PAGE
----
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Gould, Rebecca Ruth (2016) 'The Georgian Poetics of Insurgency.' In: Gould, Rebecca Ruth, (ed.), Writers and Rebels. New Haven: Yale University Press, pp. 158-201. (Eurasia past and present)

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This chapter compares Leo Tolstoy's writings on the Caucasus, beginning in his early short stories and culminating in his posthumously published masterpiece Hadji Murad (1912), with Georgian poet Titsian Tabidze's poems on Imam Shamil, the most striking among which is “Gunib” (1928), a text written to eulogize Daghestan's political defeat. Reading Georgian poems against and through Russian intertexts shows how Georgian poets aestheticized transgressive sanctity in ways that paralleled the Chechen novels introduced in Chapter 1. Critically interrogating their own literary traditions, and seeking in neighboring literatures alternative languages for dissent, Georgian writers such as Titsian Tabidze pioneered a literary form that was at once anticolonial, self-consciously modernist, and pan-Caucasian.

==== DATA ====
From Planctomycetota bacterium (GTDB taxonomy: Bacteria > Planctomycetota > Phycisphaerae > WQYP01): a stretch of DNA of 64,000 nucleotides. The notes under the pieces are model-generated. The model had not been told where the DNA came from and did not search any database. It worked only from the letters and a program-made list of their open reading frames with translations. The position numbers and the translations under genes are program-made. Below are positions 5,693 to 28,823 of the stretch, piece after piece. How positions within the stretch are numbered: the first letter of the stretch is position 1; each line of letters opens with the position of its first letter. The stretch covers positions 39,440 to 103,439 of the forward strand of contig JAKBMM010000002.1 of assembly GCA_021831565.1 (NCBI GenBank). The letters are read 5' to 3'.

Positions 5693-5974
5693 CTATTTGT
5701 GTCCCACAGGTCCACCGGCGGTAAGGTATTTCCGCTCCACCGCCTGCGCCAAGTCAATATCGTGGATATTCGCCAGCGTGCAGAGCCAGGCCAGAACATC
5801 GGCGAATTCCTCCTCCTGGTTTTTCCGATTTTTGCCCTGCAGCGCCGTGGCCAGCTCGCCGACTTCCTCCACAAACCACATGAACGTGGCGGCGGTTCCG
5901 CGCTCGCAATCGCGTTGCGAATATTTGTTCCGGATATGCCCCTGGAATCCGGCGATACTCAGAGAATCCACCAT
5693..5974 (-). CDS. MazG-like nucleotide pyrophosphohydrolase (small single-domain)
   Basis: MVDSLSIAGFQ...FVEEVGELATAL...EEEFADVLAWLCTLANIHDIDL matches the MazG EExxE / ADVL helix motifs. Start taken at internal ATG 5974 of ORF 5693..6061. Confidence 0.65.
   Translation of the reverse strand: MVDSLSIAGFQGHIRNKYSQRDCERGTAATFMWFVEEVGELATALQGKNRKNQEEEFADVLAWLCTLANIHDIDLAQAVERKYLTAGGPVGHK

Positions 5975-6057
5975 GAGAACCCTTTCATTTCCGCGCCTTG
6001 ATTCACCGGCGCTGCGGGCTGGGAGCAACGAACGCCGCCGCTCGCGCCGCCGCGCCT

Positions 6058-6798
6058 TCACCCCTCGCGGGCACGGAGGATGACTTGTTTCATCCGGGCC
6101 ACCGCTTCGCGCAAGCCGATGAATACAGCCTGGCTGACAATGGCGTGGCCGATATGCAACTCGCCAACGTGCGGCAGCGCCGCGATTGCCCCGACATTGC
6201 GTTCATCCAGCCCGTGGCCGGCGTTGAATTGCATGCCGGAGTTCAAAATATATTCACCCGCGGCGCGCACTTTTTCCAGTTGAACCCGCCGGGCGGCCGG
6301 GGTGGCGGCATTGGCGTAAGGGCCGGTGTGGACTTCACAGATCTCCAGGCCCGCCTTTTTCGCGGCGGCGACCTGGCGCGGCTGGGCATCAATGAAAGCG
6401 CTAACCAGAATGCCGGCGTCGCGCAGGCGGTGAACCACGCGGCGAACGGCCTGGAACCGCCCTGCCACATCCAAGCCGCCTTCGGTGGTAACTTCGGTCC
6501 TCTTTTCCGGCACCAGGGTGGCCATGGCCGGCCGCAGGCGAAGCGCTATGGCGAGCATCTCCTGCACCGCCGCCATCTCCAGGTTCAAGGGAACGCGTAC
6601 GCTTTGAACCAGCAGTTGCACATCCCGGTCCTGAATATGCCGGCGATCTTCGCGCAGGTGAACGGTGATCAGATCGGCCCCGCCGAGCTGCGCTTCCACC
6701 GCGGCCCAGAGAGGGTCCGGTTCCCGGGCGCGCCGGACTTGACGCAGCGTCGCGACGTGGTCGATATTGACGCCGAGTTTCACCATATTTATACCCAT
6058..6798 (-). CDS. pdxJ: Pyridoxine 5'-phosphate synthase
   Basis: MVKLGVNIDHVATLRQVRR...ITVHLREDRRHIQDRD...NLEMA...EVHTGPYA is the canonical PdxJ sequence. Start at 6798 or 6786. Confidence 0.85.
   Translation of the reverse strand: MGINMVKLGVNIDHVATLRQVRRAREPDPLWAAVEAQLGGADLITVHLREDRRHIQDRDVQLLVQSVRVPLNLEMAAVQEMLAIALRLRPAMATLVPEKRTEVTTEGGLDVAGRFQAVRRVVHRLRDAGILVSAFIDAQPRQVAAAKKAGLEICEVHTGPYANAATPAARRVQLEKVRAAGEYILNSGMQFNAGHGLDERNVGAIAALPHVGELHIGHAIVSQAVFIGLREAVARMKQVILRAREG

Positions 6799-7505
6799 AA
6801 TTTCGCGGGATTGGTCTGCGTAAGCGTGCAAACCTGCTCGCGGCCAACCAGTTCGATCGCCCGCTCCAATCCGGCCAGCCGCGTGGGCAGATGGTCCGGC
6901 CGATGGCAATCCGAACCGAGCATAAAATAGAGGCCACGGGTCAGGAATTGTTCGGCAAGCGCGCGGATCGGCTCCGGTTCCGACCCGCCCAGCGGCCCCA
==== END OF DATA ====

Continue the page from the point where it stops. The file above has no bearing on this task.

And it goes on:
Item Type: Book Chapters
Keywords: Leo Tolstoy, Caucasus, Hadji Murad, Titsian Tabidze, Imam Shamil, Gunib, Georgian poems, transgressive sanctity
SOAS Departments & Centres: Departments and Subunits > School of Languages, Cultures & Linguistics
ISBN: 9780300200645
DOI (Digital Object Identifier):
Date Deposited: 10 Oct 2023 15:37

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